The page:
New York

eisenberg-sand1-300x258.jpg“Have you ever been to Eisenberg’s?” This question from my daughter, Alison. “Shannon and I went after the gym the other day,” she says. “Best Reuben I’ve had in a long time. You should check it out.”

Yes, I should – for a couple of reasons: Eisenberg’s is an iconic New York sandwich shop and I – being a sandwich-oriented human – should indeed check it out; secondly, just hearing the word Reuben sets my taste buds atwitter – sweet/salty meat piled with sauerkraut, Swiss cheese, slathered with Russian dressing on grilled bread – what’s not to like? Eisenberg’s motto, printed on their T-shirts and cards is, “Raising New York’s cholesterol since 1929”. No kidding.

Eisenberg’s, despite its name, is not a Jewish deli. There are no salamis hanging from the ceiling. And what self-respecting Jewish deli would offer – with pride – a Tuna Melt, which is the single worst excuse for a sandwich since the Earl invented the form back in the 18th Century. A Tuna Melt takes already fully cooked tuna and cooks it again under a grill until it’s rendered as tasteless and hard as cardboard. And then they put cheese on it. Cheese on fish is an abomination.

Read more ...

capizzi.jpgI’ve been in rehearsal this week for a reading we’re doing on Friday. It’s a fun piece called “Old Jews Telling Jokes” based on the website of the same name. All this is to say that this week I’m a working man, a nine-to-fiver, so bye-bye to my indolent life. No time now for shopping at Eataly after my caffé macchiato with the crossword puzzle; no time for noodling away at the stove in the afternoon, sautéing pretty vegetables for Jill’s dinner while hooked up to a Sangiovese drip. No. I’m a working man. Punch that clock.

But today I fell into one of those time warps that New York offers up when you have no particular place to go. I’m on my break; it’s drizzling; I have an hour to kill. Our rehearsal hall is on Eighth Avenue in the high Thirties – a bit of garment district, a bit of spillover from Forty-Second Street — tons of places to eat and not one of them calling me. I walk in the rain over to Ninth Avenue, which never lets me down. Ninth Avenue is a Baghdad bazaar — good, bad and everything in the middle. I love Ninth Avenue. I walk past this little place with a menu board out front. It’s called Capizzi, a little joint, sitting in the shadow of the Port Authority bus terminal. It’s essentially empty, some people at a table in the back – maybe it’s the staff having their lunch. It’s 4:00 in the afternoon – the rush was over. But there’s something; I walk by it three times; there’s something about this place.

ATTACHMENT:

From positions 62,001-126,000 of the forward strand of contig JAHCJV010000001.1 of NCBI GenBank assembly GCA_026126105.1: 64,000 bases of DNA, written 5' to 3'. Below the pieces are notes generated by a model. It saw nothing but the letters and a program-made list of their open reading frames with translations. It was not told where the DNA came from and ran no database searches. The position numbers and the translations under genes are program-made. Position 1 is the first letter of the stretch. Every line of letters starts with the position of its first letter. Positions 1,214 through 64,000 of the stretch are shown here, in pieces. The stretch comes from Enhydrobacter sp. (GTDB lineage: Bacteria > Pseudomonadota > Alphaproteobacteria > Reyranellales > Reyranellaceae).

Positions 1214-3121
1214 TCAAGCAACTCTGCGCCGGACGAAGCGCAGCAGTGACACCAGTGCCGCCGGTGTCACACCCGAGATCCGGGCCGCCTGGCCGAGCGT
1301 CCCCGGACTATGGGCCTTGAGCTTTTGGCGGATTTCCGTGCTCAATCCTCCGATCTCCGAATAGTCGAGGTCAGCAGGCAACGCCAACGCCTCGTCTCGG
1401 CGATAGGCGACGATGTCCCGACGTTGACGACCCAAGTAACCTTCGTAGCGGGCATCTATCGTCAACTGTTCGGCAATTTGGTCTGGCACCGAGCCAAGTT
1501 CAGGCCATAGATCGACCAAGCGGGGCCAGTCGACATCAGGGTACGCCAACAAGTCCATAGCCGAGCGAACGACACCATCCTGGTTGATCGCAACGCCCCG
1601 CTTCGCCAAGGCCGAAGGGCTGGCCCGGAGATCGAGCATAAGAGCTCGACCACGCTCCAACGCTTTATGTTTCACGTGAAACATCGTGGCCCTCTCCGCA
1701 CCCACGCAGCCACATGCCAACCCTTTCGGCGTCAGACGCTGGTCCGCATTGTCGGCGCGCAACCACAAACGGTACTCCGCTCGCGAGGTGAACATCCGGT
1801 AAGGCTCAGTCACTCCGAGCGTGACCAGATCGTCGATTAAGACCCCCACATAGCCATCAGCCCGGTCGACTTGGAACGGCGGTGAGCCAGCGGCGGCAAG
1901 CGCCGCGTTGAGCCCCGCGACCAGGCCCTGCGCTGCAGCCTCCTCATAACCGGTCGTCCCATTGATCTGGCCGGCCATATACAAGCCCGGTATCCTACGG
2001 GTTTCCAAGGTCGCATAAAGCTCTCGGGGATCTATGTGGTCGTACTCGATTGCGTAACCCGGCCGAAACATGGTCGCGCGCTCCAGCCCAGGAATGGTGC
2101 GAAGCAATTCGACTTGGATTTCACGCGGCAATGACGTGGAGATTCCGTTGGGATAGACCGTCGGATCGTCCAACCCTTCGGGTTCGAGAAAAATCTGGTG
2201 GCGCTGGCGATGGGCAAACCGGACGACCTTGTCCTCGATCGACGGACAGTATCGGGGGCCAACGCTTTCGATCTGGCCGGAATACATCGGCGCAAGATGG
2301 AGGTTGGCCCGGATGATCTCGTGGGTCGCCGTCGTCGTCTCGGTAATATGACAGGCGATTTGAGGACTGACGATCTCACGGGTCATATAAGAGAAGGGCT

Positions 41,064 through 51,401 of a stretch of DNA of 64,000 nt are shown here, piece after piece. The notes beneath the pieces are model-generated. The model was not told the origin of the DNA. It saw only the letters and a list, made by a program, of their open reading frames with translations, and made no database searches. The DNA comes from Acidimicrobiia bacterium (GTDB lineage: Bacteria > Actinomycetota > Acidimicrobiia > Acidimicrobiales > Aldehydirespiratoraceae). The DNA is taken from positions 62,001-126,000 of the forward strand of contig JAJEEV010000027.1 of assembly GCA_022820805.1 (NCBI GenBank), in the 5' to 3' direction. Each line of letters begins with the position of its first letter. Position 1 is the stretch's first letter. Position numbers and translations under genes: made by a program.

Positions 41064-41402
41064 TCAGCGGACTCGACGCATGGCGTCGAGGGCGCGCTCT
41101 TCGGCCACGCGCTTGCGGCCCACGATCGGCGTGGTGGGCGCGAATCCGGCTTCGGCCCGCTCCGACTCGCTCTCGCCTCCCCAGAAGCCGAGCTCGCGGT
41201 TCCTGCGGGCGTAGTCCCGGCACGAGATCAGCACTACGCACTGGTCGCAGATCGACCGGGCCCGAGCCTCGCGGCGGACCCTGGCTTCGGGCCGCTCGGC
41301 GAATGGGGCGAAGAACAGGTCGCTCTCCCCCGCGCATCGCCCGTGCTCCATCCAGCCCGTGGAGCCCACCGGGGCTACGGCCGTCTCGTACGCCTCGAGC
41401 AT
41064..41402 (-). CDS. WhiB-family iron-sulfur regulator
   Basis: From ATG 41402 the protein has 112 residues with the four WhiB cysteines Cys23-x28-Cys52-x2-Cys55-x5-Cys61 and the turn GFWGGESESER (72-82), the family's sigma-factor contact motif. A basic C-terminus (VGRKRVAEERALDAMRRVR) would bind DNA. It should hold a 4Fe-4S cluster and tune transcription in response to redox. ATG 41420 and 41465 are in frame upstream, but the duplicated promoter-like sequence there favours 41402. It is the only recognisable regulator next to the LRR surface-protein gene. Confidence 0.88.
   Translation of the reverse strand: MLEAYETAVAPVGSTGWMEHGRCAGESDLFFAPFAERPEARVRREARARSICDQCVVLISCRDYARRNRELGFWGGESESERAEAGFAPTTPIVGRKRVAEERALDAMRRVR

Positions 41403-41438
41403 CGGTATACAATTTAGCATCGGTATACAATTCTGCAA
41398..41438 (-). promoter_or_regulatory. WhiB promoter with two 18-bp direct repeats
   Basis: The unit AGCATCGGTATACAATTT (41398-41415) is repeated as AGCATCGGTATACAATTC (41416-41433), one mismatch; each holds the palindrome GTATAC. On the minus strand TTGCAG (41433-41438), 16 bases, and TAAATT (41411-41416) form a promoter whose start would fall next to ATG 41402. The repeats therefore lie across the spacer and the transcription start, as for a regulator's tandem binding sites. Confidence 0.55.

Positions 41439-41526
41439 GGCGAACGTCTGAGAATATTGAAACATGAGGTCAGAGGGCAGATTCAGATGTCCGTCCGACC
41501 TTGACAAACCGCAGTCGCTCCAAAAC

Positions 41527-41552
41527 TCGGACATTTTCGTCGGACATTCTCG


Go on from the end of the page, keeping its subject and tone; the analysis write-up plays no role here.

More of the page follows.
Read more ...

indianfood.jpg I first fell in love with Indian food while working at a company in West Hollywood and my boss, who was a true asshole with excellent taste in food, always ordered lunches from Anarkali.  I would drive to pick up the large order for practically everyone in the office, and savored the few minutes I spent inside there while waiting for the food. Anarkali's low ceilings and uber-decorative booths offered a sweet escape from my days at work.  And they always gave me free beer, which I would give to the head of the company because I was still 18 and not quite ready to drink on the job. 

The array of foods on the table in the center of the office would bring everyone together and I slipped in and out of taste bud sensations.  I had never liked Indian food, until Anarkali. Then I started eating it all the time.  It worked perfectly for my family because now they didn't have to wait until I wasn't home for dinner before ordering Indian.  I still remember the styrofoam platters (a rare allowance for my mother) lined up across the kitchen counter as everyone served themselves buffet style.

Read more ...

ImageIt’s Sunday morning, and the last thing I want to hear is a discrete ringing sound, calling out from my computer, to alert me that I have mail. I ignore my computer, throw on my jeans, and catch the train into the city. The first and only thing on my mind, on this day, is an Upper West Side brunch that comes with a wonderful, delectable, cappuccino – I hope.

And it was the best Sunday morning cappuccino since Cafe della Pace nearly three months ago.

It was actually my first cappuccino in several weeks. After receiving a pay check the day before, I felt that it was ultimately time to treat myself. As I neared the restaurant, Cafe Lalo, I took note of several photos outside.

Each photo read “You’ve got mail” and had screen captures of the infamous romantic comedy which starred Meg Ryan and Tom Hanks nearly a decade ago.

Suddenly, the once annoying ring of “You’ve got Mail” had turned into a welcomed thought. “Oh. I will have a cappuccino where one of my favorite films was shot. At Cafe Lalo how lovely.”

Read more ...

danjiext1mike tucker glasses1I had an experience the other night that was right out of Larry David’s universe or Seinfeld’s. A classic. I’ll try to describe it for you.

It was around 9:45 and I was at Danji, the wonderful Korean fusion restaurant on West 52nd Street, waiting for Jill after her show. Our friends Florence and Richard Fabricant were seeing the show that night and we were all going to have dinner. I know that mentioning Florence Fabricant is name- dropping – I apologize — but her position as a famous food writer for the NY Times is part of the story.

So, I’m sitting at the bar, sipping a nice white with a Japanese name from Alsace. Yeah, a Japanese wine from Alsace – or an Alsatian wine with a Japanese owner – whatever – it’s very good.

I get the manager’s eye and he comes over.

“I’m with the Fabricant party. I’m the first to arrive,” I say.

He looks into his book, shakes his head and says, “You know, we don’t normally take reservations.”

Read more ...